With the announcement of Pope Benedict XVI’s plan to resign, the Roman Catholic Church stands at an important crossroad.
There are many Catholics and non-Catholics alike who have bristled at the increasingly hyper-orthodox hard line that the Vatican and many bishops have taken in recent years.
From the U.S. to Ireland to Sri Lanka to Brazil, the hierarchy has cracked down on those who have sought an open discussion of such issues as abortion, gay marriage, women priests and papal infallibility. It’s been an our-way-or-the-highway message, starting under Pope John Paul II and growing more strident under his successor Benedict.
Nonetheless, anyone tempted to celebrate the departure of Benedict on Feb. 28 needs to think twice.
More of the same
The new pope will be elected by a conclave of cardinals dominated by those who were given their red hats by John Paul and Benedict. For the most part, these prelates rose through the ranks because they toed the Vatican’s conservative line and didn’t rock the boat.
Don’t expect them to want to do any boat-rocking now.
In all likelihood, these cardinals will settle on someone who, they believe, fits the John Paul-Benedict mold, someone who wants to battle against what the church has always called modernity. Someone who believes that Catholicism has a corner on morality and ethics, and nothing to learn from the secular world.
In other words, more of the same.
A papal surprise
Yet, maybe not. Remember Angelo Roncalli.
An Italian cardinal, Roncalli was nearly 78 when he was raised to the papacy in October, 1958, and chose the name John XXIII. He was expected to be a caretaker Pope, and, as it turned out, only lived another four and a half years.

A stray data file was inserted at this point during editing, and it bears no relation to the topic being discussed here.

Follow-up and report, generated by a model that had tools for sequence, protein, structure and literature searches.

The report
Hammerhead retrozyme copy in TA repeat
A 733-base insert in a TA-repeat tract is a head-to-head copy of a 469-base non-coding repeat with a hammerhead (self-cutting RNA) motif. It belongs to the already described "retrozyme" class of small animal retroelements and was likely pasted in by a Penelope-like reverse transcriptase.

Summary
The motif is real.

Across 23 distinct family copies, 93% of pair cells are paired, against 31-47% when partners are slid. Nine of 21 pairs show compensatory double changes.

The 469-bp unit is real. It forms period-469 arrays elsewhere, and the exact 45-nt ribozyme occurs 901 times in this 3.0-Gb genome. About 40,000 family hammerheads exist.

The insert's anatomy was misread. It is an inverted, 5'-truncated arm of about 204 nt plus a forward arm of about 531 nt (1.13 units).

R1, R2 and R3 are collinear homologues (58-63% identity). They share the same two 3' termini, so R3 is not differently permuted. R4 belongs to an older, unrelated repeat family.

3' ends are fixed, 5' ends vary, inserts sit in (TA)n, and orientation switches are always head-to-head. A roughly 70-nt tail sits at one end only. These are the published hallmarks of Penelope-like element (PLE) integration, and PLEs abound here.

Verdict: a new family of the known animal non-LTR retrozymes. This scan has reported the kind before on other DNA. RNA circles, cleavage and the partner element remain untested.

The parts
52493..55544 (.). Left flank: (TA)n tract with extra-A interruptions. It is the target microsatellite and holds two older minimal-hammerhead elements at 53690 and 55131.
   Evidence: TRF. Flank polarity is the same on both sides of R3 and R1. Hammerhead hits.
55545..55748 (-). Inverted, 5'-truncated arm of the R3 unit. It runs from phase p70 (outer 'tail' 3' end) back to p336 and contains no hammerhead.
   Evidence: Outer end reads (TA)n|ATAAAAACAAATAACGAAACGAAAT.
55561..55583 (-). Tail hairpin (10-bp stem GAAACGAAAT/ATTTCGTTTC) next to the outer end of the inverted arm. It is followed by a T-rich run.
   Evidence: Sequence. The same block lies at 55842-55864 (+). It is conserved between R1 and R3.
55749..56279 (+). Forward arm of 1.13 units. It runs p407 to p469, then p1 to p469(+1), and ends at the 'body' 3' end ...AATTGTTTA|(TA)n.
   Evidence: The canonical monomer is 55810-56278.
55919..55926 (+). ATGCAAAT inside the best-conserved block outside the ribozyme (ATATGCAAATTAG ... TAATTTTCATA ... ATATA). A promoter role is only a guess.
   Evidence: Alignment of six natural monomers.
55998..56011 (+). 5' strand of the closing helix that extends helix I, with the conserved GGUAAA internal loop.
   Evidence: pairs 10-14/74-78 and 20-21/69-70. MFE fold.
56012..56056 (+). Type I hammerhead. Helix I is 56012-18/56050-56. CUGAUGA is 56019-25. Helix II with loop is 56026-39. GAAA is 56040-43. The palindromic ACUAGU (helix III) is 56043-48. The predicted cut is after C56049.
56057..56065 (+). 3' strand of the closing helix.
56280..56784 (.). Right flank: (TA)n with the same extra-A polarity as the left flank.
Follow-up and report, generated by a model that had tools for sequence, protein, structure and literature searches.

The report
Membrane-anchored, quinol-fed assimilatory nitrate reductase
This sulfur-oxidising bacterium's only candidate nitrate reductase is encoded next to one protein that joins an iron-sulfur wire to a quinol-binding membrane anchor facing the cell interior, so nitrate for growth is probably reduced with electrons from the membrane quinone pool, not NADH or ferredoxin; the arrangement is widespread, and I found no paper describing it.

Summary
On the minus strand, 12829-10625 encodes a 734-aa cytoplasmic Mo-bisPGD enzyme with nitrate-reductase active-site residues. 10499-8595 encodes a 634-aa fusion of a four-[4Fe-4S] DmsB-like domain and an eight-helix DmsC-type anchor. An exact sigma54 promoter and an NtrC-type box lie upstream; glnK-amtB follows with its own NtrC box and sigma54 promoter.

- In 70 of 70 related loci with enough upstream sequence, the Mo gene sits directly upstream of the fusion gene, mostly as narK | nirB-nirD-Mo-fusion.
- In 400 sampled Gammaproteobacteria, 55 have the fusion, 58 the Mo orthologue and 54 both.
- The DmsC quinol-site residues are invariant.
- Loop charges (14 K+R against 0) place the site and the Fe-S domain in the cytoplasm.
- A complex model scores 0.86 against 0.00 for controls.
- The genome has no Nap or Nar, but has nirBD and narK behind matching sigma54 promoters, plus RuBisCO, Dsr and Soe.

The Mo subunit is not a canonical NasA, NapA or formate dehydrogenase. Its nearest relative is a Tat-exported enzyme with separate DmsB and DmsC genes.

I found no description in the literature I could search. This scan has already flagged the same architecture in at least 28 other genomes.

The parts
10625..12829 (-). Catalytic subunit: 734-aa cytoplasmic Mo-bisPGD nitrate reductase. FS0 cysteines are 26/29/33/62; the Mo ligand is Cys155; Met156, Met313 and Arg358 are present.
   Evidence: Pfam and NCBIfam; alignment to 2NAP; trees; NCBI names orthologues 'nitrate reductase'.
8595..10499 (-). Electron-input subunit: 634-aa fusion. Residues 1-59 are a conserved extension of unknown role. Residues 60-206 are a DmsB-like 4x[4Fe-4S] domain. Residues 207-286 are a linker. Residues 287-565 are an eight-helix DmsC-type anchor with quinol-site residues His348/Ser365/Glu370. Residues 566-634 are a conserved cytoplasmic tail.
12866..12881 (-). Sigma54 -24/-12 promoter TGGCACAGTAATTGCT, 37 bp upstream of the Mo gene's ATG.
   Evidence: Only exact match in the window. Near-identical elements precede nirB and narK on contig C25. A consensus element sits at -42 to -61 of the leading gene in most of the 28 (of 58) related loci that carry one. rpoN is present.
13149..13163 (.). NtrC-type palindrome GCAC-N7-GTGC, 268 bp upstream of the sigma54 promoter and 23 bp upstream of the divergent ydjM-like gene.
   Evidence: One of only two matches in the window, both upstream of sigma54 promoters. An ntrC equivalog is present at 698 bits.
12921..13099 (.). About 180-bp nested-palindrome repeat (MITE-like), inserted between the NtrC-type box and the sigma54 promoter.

However, in those four and a half years, he remade the Catholic Church by calling the Second Vatican Council which heightened the role of lay people, revised the liturgy, emphasized an openness to other religious faiths and sought a free-flowing dialogue with the modern world.
Under the last two popes, the Vatican and hierarchy have done much to back away from the Council’s innovations. But that hasn’t stopped the church’s sainthood machinery from moving forward the case of the man known around the world as “Good Pope John.” In 2000, he was declared “Blessed,” the final step before being named a saint.
Can’t vote him out
Americans get frustrated with the papacy because the Pope is in the job for life (or, like Benedict, until he resigns). There’s no way to vote him out of office.
Not even the cardinals can.
Don’t you think that, when John XXIII began throwing open the windows of the church to let in some fresh air, they wished they could put the genie back in the bottle
A Pope is like a U.S. Supreme Court Justice. Once in the job, a justice is free to see legal issues in new ways and isn’t tied to his or her previous positions. You can be sure that, when President George W. Bush appointed John Roberts as Chief Justice in 2005, that he didn’t envision Roberts being the deciding vote in favor of such a liberal initiative as Obamacare.
The same is true when it comes to electing a Pope. You never know.
The story is told that, when John XXIII called Vatican II, one cardinal said to another, “This holy old boy doesn’t realize what a hornet’s nest he’s stirring up.”
We can always hope for another “holy old boy.”
Patrick T. Reardon